If an owner is planning to sell their business anytime soon, obtaining a formal valuation or appraisal has a multitude of benefits, including funding buyout agreements and estimating estate tax obligations. Even if there are no plans to sell, a valuation can assist in negotiating with lenders, attracting key employees, and more.
Mistake #2: Valuing The Business Too Late
Much too often, businesses who do get valuations done do them too late. A hasty valuation performed shortly before a sale is common. Valuing a business earlier — perhaps several years before an exit — offers owners many advantages and opportunities.
Once an owner knows what the business is worth, they can also choose to implement value enhancement measures to increase its value in the long run. The owner and his or her advisors can focus on small adjustments to various aspects of the business, including people, planning, sales, marketing, legal, operations, and more. These adjustments can increase the business value, resulting in a better outcome and a more secure future for the owner. Choosing a valuator who has experience with value enhancement can help streamline this process. Also, getting valuations done earlier allows for proper tax and estate planning, which can benefit both the owners and the owner’s heirs in the long run.
Mistake #3: Not Having Valuations Performed By A Qualified Professional
There are a lot of complex variables that factor into the proper business valuation. When not performed by a qualified professional, the likelihood of mistakes and inaccuracies increases significantly. Several organizations offer professional certification designations, including ASA (American Society of Appraisers), AICPA (American Institute of CPAs), and NACVA (National Association of Certified Valuators and Analysts.)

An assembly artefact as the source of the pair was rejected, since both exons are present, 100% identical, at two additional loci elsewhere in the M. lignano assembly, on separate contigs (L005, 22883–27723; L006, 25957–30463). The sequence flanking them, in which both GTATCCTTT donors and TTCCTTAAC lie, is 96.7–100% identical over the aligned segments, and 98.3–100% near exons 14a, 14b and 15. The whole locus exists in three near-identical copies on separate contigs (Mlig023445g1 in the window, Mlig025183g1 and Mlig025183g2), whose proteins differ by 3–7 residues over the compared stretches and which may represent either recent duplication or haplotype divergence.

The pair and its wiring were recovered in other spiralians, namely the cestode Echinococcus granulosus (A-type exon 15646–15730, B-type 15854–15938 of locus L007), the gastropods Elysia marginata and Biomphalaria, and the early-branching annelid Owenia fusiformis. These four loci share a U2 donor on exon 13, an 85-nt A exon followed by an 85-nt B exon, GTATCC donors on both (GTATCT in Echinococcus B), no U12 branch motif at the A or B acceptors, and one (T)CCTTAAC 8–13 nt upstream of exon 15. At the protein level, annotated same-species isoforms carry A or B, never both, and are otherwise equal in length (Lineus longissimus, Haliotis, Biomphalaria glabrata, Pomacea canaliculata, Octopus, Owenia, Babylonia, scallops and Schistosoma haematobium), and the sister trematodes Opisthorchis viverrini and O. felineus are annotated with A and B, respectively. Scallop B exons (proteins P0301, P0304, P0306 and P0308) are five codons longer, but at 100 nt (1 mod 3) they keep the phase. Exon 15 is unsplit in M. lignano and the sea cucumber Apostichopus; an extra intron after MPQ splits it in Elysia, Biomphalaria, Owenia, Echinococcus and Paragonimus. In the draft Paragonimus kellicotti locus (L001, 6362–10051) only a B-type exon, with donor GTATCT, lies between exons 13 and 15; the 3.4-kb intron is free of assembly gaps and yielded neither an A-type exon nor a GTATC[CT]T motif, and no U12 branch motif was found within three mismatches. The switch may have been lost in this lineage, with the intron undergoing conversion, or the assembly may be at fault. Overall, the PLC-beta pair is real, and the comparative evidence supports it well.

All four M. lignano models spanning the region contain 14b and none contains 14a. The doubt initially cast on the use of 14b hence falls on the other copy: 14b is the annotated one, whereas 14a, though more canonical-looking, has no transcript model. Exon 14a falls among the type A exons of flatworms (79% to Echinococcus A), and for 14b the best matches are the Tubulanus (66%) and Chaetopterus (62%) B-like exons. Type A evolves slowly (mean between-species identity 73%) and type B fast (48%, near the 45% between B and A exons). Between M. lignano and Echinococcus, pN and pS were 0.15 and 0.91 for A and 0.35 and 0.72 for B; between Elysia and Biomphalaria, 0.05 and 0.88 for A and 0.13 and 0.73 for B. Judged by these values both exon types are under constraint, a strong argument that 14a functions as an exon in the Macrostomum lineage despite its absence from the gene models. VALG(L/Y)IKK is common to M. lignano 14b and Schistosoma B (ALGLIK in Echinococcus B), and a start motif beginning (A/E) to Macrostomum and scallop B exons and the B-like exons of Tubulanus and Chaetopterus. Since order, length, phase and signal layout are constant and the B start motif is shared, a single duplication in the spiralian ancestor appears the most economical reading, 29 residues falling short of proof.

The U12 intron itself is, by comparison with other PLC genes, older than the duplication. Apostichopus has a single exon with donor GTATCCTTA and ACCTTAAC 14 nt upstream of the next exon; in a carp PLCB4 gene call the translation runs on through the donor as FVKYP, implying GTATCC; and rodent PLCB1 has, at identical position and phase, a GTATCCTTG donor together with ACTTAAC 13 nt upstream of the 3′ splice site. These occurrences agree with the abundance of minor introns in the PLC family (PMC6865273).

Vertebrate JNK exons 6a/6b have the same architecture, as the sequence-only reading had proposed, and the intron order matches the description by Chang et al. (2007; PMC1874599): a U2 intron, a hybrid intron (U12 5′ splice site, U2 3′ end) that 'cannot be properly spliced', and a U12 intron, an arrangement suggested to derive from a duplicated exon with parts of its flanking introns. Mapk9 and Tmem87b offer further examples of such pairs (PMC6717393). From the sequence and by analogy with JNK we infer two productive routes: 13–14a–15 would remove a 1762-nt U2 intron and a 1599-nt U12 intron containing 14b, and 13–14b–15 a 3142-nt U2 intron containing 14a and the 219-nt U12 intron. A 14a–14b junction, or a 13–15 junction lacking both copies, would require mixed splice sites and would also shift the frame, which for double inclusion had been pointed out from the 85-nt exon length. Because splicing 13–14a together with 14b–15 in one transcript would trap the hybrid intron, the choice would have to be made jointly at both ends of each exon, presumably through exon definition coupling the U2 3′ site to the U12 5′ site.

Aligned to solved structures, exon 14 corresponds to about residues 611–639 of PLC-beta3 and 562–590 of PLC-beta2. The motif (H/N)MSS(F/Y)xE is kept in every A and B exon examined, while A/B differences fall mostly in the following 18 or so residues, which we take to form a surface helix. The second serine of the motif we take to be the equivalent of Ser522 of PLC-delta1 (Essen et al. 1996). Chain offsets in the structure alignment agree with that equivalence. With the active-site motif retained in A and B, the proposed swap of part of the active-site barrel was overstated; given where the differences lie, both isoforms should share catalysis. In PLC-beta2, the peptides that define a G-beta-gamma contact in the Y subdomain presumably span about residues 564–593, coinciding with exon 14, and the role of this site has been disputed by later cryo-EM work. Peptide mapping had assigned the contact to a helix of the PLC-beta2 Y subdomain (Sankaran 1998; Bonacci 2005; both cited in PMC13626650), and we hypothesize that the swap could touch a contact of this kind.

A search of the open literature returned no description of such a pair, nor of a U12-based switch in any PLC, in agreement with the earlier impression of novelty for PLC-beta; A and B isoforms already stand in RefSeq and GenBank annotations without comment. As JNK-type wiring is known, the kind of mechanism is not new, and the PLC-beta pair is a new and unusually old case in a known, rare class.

Moreover, if a qualified person doesn’t perform the valuation, a valuation challenged in court likely won’t hold up in a legal dispute. Opposing attorneys can file a motion for a Daubert Challenge[ii]. A Daubert Challenge is a hearing held before a judge where the opposing counsel can challenge an expert witness’s expertise. In the case of valuation, the expert would be required to demonstrate that he/she is qualified and that the valuation methodology is sound and valid.
Although many business brokers and CPAs offer valuation as a service, they may lack the experience, expertise, and depth of knowledge to be as thorough and detailed as certified professionals.
Mistake #4: Overlooking The Benefits Of The Software